The metaphorical gulf between Vladimir and Volodymyr couldn’t have been more apparent in the eye of the Russia-Ukraine war, which is now on its eighth devastating day. With more than 350 Ukrainian civilians killed and over 2,000 injured, the world watches in shock as reports of atrocities keep flooding in with fears of the involvement of nuclear weapons escalating. The UN general assembly voted overwhelmingly to deplore Russia’s invasion of Ukraine and called for the immediate withdrawal of its forces. On Wednesday, 141 of the 193 member states voted for the resolution, 35 abstained and five – Russia, Belarus, Syria, North Korea and Eritrea – voted against.
In a ‘conscious consumer’ era, where customers are driven by purpose over materialism, retailers and brands have been increasingly taking a stand on social issues and making their voice heard loud and clear, which in turn has benefitted them vastly. Accenture Strategy’s most recent global survey of nearly 30,000 consumers found that 62 percent of customers want companies to take a stand on current and broadly relevant issues. In fact, the study showed that 47 percent customers walked away in frustration, with 17 percent not coming back, in the case of them not being happy with the brands words or actions.
While governments around the world condemn Russia and hold it accountable for the ‘unjustified attack’ on Ukraine, businesses are taking a stand too to support Ukrainians.
French luxury group, LVMH, has announced that it would donate €5 million (about $5.5 million) to the International Committee of the Red Cross (ICRC) to help the direct and indirect victims of the war. The Group is also launching a fundraising campaign in support of the ICRC to facilitate the contributions of employees across the Group and its 76 Maisons.
Footwear retailer Kurt Geiger has donated last week’s store profits, a total of £50,000, to support the British Red Cross Ukraine Crisis Appeal. The organisation is working with the Ukrainian Red Cross Society and the International Committee of the Red Cross to help repair homes, healthcare centres, school and community centres that have been damaged during the fighting.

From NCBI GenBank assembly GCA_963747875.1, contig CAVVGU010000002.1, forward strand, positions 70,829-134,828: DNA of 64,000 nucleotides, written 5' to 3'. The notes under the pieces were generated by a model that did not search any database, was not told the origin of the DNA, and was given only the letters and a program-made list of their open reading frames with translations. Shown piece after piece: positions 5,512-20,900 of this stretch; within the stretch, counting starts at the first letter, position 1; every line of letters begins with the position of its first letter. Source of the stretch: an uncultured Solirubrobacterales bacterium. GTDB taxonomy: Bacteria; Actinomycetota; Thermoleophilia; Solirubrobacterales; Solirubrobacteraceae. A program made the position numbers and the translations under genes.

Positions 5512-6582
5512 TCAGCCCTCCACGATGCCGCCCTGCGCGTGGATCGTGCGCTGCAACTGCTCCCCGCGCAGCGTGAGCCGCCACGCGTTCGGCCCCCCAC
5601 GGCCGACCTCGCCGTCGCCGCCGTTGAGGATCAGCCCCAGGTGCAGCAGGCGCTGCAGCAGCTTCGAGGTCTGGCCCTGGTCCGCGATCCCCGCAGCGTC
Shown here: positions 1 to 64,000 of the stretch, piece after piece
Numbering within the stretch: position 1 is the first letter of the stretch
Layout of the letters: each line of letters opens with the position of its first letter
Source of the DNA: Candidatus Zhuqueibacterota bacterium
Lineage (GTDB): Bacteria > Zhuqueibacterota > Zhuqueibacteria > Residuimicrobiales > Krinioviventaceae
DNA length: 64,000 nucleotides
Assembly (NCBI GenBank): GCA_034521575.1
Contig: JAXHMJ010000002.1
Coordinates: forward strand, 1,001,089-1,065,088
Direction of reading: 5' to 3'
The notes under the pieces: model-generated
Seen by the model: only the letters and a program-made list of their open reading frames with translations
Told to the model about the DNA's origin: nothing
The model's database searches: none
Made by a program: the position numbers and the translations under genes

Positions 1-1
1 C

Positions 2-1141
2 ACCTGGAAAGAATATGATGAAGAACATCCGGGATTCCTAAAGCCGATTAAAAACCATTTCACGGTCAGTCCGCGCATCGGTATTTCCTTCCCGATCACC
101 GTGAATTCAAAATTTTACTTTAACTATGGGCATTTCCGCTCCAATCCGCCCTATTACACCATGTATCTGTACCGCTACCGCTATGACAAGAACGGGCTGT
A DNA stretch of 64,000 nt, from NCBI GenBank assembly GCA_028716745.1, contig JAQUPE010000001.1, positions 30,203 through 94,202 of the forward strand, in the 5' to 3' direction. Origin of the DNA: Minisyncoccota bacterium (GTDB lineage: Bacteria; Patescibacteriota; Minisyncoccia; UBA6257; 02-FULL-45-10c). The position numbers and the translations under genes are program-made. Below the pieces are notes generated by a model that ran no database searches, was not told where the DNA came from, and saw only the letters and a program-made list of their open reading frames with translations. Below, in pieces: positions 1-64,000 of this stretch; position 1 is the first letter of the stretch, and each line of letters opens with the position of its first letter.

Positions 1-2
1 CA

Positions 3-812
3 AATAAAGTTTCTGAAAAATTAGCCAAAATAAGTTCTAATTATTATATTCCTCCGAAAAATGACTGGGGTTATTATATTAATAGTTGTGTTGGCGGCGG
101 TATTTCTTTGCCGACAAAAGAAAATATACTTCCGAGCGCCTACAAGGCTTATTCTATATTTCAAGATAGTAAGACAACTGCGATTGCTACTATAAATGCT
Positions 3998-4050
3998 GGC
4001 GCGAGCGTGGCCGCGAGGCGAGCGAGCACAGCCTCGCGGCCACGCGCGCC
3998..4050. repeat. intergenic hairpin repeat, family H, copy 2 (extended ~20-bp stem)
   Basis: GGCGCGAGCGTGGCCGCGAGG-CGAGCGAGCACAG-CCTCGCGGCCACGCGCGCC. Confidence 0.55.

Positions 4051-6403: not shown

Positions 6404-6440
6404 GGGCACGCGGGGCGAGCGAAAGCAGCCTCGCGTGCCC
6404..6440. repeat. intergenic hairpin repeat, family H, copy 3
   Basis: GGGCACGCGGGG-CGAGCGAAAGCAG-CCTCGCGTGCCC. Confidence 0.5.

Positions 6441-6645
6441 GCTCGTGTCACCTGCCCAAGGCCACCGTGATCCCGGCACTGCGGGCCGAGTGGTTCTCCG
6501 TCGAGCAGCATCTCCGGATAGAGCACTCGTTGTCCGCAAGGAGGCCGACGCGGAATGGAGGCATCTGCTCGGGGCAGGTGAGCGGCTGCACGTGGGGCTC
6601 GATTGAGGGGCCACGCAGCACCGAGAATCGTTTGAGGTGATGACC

Craft-oriented marketplace, Etsy, is writing off all outstanding fees for Ukraine-based sellers. The move is worth about $4 million and is meant to offset “tremendous financial hardship” for creators affected by the conflict.
Apple has said it will pause all product sales in Russia and outlined a number of actions in response to the invasion including limiting Apple Pay and other services and stopping all product exports into its sales channel
Jewellery brand Pandora donated $1 million to UNICEF’s efforts to help children affected by the humanitarian crisis, a day after UNICEF estimated USD 66.4 million is required to meet the needs of up to 7.5 million children in Ukraine.
Multiple online luxury retailers have ceased shipping to Russia including Mytheresa, Matchesfashion and Farfetch, Richemont-owned e-tailer Yoox Net-a-Porter Group. Balenciaga put out a statement of solidarity for Ukraine too stating, “We would open our platforms in the next few days to report and relay the information around the situation in Ukraine.” The priority for most companies now is to ensure that their staff based in the war-torn regions are safe.
Ikea, the world’s biggest furniture brand, is closing its stores in Russia and pausing all sourcing in the country and ally Belarus, joining the wave of Western firms curbing business with Russia after its invasion of Ukraine. The news came as IKEA store owner Ingka Group’s retail manager told Reuters it now expected to raise prices by an average of 12% this fiscal year, up from 9% previously, amid soaring raw material costs and supply chain disruptions. While a raft of international companies have already halted operations in Russia due to the war and consequent sanctions against the country, IKEA is one of the first to also halt business with Belarus. “The devastating war in Ukraine is a human tragedy, and our deepest empathy and concerns are with the millions of people impacted,” brand owner Inter IKEA and Ingka Group said in a joint statement.
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